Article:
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Barcelona was the best, so natural and technology wasn't so necesary there.

I steal 2 images from another post :P

lg_plce_13.gif

36.jpg

The Athens 2004 opening ceremony was one of the best ever, except for the disguisting cauldron lighting (i remember my cousin was watching the ceremony with me and told me this was something like a Bob Marley tribute

XD

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Not quite. The symbolism was English speaking Canada and French speaking Canada. A Quebecois is a resident of Quebec and Quebec is part of Canada.

O.K. - I just refer to French speaking Canadians as Quebecois. Or that annoying Canadian Province.

But, on the other hand, Canada refers to the First Nations as something separate from Canada, even tho they are Canadian as well. Qubecois seems to fall in that category in a historical perspective.

Same with Australia and the Aborigines. And Spain with the Catalans.

And us with the Native Americans/Indians, African Americans and the Creoles

No disrespect intended.

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None taken.

But it is all complicated. To clarify, a "Quebecois" is a person of a particular French background with roots in modern day Quebec - generally speaking, the decendants of the 5000 or so settlers who left France to settle in the New France colony of Canada...New France was the collection of French colonies of which there were 4 parts: Canada (modern day Quebec and parts of Ontario), Acadie (modern day Maritime Provinces), Terre-Neuve (parts of the Island of Newfoundland, of which St Pierre & Miquelon still remains), and Louisiane (the swarth of territory around the Mississippi River Valley and southern shores of the Great Lakes).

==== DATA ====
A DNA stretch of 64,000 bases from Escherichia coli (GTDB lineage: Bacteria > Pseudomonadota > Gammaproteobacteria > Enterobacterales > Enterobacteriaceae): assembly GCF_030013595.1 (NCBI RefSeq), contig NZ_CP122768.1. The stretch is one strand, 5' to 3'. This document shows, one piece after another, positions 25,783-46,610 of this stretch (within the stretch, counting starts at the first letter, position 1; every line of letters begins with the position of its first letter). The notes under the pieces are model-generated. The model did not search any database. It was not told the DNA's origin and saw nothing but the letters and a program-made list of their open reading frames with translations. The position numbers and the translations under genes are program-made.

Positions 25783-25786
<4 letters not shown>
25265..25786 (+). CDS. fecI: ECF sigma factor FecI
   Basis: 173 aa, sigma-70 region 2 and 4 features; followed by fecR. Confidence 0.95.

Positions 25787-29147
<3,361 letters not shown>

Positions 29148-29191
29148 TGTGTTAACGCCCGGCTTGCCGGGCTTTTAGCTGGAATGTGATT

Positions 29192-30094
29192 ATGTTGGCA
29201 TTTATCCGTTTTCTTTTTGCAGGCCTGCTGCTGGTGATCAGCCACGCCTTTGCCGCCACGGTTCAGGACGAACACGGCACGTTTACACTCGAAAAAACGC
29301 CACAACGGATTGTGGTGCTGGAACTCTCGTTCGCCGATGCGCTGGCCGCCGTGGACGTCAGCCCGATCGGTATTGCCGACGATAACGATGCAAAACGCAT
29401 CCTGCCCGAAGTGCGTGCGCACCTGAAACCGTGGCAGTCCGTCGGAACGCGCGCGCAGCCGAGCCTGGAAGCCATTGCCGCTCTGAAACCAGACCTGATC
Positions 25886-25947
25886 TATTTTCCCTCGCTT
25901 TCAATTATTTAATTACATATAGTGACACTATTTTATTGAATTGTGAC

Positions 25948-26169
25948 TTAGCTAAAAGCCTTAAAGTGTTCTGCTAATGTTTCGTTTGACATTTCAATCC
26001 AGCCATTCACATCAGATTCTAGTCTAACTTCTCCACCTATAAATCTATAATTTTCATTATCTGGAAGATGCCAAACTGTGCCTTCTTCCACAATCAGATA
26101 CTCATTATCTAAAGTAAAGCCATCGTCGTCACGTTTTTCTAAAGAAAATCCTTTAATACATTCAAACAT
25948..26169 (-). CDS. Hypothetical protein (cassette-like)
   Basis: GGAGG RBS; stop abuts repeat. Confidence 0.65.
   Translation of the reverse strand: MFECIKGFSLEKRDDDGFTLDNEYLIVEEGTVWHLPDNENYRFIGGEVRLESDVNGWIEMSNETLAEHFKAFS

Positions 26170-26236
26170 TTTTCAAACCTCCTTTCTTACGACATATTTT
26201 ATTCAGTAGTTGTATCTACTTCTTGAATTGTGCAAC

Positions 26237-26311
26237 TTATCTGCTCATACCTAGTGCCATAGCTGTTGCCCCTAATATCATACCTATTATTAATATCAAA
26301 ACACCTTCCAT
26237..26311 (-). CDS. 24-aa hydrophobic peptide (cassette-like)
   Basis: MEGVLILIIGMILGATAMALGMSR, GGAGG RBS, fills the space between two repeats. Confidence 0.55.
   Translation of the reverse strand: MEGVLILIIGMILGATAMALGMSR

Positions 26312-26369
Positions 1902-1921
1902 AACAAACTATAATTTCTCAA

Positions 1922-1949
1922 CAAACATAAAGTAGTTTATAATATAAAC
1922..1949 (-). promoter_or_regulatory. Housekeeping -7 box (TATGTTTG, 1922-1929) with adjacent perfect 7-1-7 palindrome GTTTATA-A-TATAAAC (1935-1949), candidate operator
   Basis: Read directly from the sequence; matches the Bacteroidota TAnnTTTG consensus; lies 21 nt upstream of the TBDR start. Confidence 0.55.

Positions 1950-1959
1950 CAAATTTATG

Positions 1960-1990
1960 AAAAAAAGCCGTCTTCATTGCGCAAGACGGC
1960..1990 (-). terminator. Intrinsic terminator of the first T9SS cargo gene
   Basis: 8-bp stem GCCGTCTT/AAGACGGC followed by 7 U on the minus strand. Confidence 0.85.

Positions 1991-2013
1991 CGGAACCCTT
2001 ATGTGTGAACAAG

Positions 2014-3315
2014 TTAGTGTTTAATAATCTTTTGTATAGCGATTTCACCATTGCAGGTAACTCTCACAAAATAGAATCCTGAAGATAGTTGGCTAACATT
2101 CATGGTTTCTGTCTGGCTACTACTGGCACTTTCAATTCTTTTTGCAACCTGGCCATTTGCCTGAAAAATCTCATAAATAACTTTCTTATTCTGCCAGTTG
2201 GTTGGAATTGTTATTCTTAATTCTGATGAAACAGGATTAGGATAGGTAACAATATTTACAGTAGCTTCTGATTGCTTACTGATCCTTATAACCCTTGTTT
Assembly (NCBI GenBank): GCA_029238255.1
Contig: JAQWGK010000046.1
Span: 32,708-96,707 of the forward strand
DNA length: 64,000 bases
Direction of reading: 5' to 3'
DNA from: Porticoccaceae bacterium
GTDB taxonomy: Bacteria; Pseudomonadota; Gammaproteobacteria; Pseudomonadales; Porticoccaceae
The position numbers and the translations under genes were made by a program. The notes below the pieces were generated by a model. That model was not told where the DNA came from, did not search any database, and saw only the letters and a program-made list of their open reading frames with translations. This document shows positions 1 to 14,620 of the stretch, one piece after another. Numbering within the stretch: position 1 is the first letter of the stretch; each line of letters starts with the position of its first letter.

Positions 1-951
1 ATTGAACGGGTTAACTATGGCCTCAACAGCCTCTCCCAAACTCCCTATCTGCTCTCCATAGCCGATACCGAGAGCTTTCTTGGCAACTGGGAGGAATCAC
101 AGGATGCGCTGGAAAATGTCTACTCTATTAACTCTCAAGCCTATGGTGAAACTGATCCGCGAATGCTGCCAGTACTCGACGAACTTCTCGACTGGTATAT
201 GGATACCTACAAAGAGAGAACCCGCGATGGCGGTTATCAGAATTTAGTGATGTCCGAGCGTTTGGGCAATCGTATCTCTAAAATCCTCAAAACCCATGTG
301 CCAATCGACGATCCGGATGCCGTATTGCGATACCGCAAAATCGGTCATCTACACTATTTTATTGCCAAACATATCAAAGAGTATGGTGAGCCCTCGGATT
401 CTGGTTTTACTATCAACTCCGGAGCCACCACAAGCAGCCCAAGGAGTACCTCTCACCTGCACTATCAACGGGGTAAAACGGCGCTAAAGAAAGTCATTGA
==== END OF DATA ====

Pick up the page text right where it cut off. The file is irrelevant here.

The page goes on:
Realistically, Quebeckers (as they are in the English language) are residents of the province of Quebec. And not all French speaking Canadians are Quebecois. There are the Acadians, Metis, and other Franco-groups across the country who are not of "Quebecois" stock, but may or may not have connections to it.

The whole Quebecois thing is a very complicated and very political matter. It is all dry and boring, but I did a lot of research on it as I wanted to learn more about and understand the French issue in Canada. I think we too often have an inaccurate idea that Quebec was New France and that it was mercilessly conquered by a greedy Britain. Much of the truth is that France itself was not too terribly interested in the territory, and the court of Versaillies saw it merely as a place to get fish on Fridays and fur for court events.